23 May 2012
Installing the XCache Extension in PHP
This should work in 5.2.x, 5.3.x and now even 5.4.x.
I’ll try to make this one easy since I’m assuming you’ve installed an extension before (Read my eAccelerator article if you haven’t).
First, you’ll want to make sure you’re not running eAccelerator or APC already. If you are, make sure they’re disabled before continuing.
Next, you need to grab the sources for XCache and build them.
wget http://insert.actual.url.here/xcache-x.x.x.tar.gz tar zxvf xcache-x.x.x.tar.gz cd xcache phpize ./configure ; make ; make install
It builds cleanly on any machine I’ve tested, so you shouldn’t get any errors. Once you’ve ensured no errors were shown, you can proceed to configuration. You’ll need to copy the contents of xcache.ini either into php.ini (append, don’t overwrite!) or just copy xcache.ini into /etc/php.d or your distribution’s equivalent directory.
To properly configure it, there are a few sections of XCache configuration to edit (I’ll explain after):
We’ll start from the top:
extension - This is the same format as any other extension line, and is the most important.
xcache.admin.enable_auth - Set this to On. Trust me you’ll love it. The next two options are self explanatory. The first being the user to authenticate to the admin page with, and the second is an md5sum of your desired password.
xcache.size - This is the maximum size of available SHM space for XCache. The default max SHM size for most Linux distros is 32M. Set a higher value to kernel.shmmax to increase this.
xcache.ttl - This is the “time-to-live” and determines the maximum age of a cached object.
xcache.gc_interval - This defines the garbage collection interval (how often cache is cleaned).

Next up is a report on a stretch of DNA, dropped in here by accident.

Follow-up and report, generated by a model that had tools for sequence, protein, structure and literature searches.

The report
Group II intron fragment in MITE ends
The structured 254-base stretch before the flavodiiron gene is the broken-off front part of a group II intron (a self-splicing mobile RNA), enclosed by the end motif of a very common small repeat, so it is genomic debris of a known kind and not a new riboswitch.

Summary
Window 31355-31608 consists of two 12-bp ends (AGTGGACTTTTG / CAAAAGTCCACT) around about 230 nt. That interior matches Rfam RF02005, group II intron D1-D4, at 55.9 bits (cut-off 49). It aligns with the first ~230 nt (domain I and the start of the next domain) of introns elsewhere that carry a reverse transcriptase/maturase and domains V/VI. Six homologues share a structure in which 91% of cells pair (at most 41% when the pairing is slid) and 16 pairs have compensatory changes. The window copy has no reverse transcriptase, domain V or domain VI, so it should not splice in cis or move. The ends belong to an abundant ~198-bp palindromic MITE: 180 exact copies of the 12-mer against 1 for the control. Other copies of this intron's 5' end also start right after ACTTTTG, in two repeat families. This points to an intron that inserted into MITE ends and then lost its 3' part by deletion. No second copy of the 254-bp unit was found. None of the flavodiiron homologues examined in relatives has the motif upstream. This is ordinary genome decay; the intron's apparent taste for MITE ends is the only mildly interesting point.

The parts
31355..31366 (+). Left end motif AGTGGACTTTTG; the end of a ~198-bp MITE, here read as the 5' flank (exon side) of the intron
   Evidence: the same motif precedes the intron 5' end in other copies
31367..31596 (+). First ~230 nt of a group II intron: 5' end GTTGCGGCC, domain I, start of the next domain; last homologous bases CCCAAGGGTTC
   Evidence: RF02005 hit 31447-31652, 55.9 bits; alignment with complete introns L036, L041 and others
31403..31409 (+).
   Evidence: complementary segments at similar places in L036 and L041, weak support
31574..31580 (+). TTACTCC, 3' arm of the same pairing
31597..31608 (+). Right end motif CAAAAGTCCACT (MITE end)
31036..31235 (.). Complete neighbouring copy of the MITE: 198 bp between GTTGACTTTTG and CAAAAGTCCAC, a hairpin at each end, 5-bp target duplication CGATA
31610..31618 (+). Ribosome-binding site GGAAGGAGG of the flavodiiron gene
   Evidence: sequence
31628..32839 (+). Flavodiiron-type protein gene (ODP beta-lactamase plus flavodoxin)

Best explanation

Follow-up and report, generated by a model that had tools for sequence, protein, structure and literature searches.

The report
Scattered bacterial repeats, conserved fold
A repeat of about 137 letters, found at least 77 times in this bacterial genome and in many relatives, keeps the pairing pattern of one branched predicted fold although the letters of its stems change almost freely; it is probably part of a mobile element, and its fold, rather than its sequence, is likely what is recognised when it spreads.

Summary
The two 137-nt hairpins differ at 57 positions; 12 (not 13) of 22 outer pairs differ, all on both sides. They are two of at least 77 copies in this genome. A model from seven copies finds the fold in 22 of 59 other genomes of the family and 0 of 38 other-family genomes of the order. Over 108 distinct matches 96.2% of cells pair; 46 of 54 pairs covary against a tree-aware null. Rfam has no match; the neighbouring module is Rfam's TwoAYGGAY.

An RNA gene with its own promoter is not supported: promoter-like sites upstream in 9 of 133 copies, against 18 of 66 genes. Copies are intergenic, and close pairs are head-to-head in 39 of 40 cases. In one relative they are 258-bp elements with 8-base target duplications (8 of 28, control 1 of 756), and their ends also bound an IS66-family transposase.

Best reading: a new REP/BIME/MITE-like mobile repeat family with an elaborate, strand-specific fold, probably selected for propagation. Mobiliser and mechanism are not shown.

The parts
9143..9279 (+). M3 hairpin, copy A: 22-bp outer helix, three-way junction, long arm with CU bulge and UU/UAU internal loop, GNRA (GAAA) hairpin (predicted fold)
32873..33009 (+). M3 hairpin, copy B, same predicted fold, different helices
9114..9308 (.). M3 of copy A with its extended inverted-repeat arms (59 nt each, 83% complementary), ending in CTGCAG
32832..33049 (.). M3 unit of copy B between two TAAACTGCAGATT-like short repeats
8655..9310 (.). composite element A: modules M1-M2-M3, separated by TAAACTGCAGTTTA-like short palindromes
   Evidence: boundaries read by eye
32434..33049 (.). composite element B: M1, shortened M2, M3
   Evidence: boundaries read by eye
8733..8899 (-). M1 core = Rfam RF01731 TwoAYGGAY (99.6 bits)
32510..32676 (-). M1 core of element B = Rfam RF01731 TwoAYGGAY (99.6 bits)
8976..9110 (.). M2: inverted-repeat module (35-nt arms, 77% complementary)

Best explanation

xcache.var_* - Most of these settings should remain the same. You can increase the var size if you have a very heavy PHP site, but don’t increase the GC interval unless you know what you’re doing.
xcache.cacher - Enable the opcode cacher. Do it.
xcache.optimizer - Enable the optimizer. Do this also!
Now you want to test and make sure it’s properly configured. Usually, you can just run ‘php -v’ to show the version and you’ll see an XCache version appended to the bottom, but it depends on the implementation of PHP you’re running.
The final step is to place the admin directory in a public folder somewhere under your DocumentRoot. Assuming you’re still sitting in the source directory for XCache, and your site (example.com) is hosted inside /var/www/example.com, you can do that like this:
cp -a admin/ /var/www/example.com/XCacheAdmin
Perhaps also adjust permissions accordingly..
Now you just need to restart your PHP interpreter (Apache or Spawn-FCGI or PHP-FPM, for example). When you visit www.example.com/XCacheAdmin , you will be presented with a login prompt, into which you enter the user/pass combo you chose before. This will show you statistics and usage of the cache.
Yet another crap post by:
Salvatore LaMendola at 22:53